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Use of Anonymous Address in <wsa:To> Header for Request / One-Way Messages

From: Mike Vernal <Mike.Vernal@microsoft.com>
Date: Fri, 13 Jan 2006 23:18:13 -0800
Message-ID: <25D7C3B6D41DFF47B4083F1D2FDEE0180962584B@RED-MSG-51.redmond.corp.microsoft.com>
To: <public-ws-addressing-tests@w3.org>

Greetings,

On our last call, we discussed the fact that none of the example one-way
or request messages included a <wsa:To> header.  Since there was some
question as to whether the omission of a the <wsa:To> header was valid
for these messages, I took an action to follow-up on the issue.

The WS-Addressing 1.0 - Core spec [1] makes five references to
"Anonymous."  

In Section 2.1, the spec states:

> Some endpoints cannot be located with a meaningful IRI; this URI is
used
> to allow such endpoints to send and receive messages. The precise
meaning 
> of this URI is defined by the binding of Addressing to a specific 
> protocol.

In Section 3.2, the spec makes three statements:

> /wsa:To 
>
> This OPTIONAL element (whose content is of type xs:anyURI) provides
the
> value for the [destination] property. If this element is NOT present
then
> the value of the [destination] property is 
> "http://www.w3.org/2005/08/addressing/anonymous".

...

> /wsa:ReplyTo 
>
> This OPTIONAL element (of type wsa:EndpointReferenceType) provides the
> value for the [reply endpoint] property. If this element is NOT
present
> then the value of the [address] property of the [reply endpoint] EPR
is
> "http://www.w3.org/2005/08/addressing/anonymous".

...

> Comparison of [destination] property values is out of scope, other
than
> using simple string comparison to detect whether the value is
anonymous,
> that is, where [destination] has the value 
> "http://www.w3.org/2005/08/addressing/anonymous".

Lastly, in Section 3.3, the spec states:

> If the reply is a normal message, select the EPR from the related 
> message's [reply endpoint] message addressing property. If none is 
> present, the processor MUST fault.
>
> Note:
> 
> When using the XML Infoset representation, in the absence of a
wsa:ReplyTo
> element the value of the [reply endpoint] message addressing property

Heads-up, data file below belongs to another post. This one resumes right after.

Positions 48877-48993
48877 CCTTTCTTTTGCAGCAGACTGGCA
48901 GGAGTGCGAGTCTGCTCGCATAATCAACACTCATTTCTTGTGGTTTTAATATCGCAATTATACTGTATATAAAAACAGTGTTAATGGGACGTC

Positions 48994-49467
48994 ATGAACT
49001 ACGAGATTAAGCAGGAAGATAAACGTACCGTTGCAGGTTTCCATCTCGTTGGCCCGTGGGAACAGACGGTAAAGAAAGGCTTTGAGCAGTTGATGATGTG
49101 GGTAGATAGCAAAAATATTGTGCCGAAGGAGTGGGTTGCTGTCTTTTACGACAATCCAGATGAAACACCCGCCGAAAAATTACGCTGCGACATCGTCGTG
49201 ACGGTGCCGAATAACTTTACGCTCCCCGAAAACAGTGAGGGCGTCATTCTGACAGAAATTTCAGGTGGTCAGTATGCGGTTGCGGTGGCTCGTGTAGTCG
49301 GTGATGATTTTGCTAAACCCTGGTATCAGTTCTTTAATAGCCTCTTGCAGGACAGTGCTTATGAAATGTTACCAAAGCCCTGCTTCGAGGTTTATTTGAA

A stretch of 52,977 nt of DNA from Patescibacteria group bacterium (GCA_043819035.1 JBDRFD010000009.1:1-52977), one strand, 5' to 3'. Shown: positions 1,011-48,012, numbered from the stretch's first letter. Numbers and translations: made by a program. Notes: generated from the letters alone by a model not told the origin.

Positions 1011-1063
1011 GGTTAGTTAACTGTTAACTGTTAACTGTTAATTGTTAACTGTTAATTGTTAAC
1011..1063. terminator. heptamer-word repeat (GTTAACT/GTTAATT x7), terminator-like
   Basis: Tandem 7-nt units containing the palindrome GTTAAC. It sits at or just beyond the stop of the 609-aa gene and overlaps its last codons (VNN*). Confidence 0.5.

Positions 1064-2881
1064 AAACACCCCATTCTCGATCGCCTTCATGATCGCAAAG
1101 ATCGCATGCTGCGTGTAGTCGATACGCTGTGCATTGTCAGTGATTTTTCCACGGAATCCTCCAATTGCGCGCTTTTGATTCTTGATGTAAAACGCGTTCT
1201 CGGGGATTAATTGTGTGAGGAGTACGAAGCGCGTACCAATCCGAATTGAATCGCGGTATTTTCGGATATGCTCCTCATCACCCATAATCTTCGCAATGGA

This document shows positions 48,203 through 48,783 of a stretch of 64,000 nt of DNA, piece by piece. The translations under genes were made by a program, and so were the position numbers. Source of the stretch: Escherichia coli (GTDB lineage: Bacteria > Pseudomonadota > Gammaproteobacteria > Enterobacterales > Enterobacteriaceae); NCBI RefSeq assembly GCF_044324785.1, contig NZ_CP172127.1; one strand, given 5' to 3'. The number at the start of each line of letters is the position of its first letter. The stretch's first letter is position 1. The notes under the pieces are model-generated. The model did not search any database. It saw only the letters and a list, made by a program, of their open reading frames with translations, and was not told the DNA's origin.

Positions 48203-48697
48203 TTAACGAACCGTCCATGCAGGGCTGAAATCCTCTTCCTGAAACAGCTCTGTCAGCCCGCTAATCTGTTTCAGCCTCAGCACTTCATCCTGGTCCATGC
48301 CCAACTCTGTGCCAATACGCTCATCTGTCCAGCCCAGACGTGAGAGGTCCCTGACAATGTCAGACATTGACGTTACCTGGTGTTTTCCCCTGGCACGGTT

> defaults to an EPR with an [address] property of
> "http://www.w3.org/2005/08/addressing/anonymous" - see section 3.2 XML
> Infoset Representation of Message Addressing Properties.

For our purposes, I think WS-A Core says two things.  First, the To and
ReplyTo are optional; if not present their values are defined to be
anonymous.  Second, the precise meaning of the Anonymous Uri is left to
the protocol binding.

The protocol binding in question (WS-Addressing 1.0 - SOAP Binding [2])
makes two references to Anonymous (Section 3.5 and Section 6).

First, it states:

> 3.5 Use of Anonymous Address in SOAP
>
> When "http://www.w3.org/2005/08/addressing/anonymous" is specified as
the
> address of the ReplyTo or FaultTo EPR, the underlying SOAP protocol
> binding provides a channel to the specified endpoint. Any underlying
> protocol binding supporting the SOAP request-response message exchange
> pattern provides such a channel. For instance, the SOAP 1.2 HTTP
> binding[SOAP 1.2 Part 2: Adjuncts] puts the reply message in the HTTP
> response.

The second reference is not relevant (but included for completeness):

> Messages that use wsa:ReplyTo or wsa:FaultTo headers whose [address]
is
> not the predefined anonymous URI should include claims that allow a
> receiver to confirm that the EPR was issued by a principle with
authority
> to represent the [address] of the EPR.

As I read it, Section 3.5 says that when the Anonymous Uri is used as
the address of the ReplyTo or FaultTo, the underlying SOAP protocol
binding provides a channel for delivering any response or fault
messages.  The spec seems to make no other statement about the semantics
of the Anonymous Uri.

As such, I believe we should scope our use of the Anonymous Uri to its
defined use in Core / SOAP, i.e., we should scope its use to the value
of the address of ReplyTo or FaultTo headers (in the case of a one-way /
request message) and to its use as the value of the To header for any
replies or faults.

Since the absence of a To header is semantically equivalent to its
inclusion with the value of the Anonymous Uri, I think this means that
all of the request / one-way message need to explicitly have a To header
whose value is something other than the Anonymous Uri (e.g., the address
of the destination endpoint).

Cheers,
-mike  

[1] http://www.w3.org/TR/ws-addr-core/
[2] http://www.w3.org/TR/ws-addr-soap/
Received on Saturday, 14 January 2006 07:18:20 GMT

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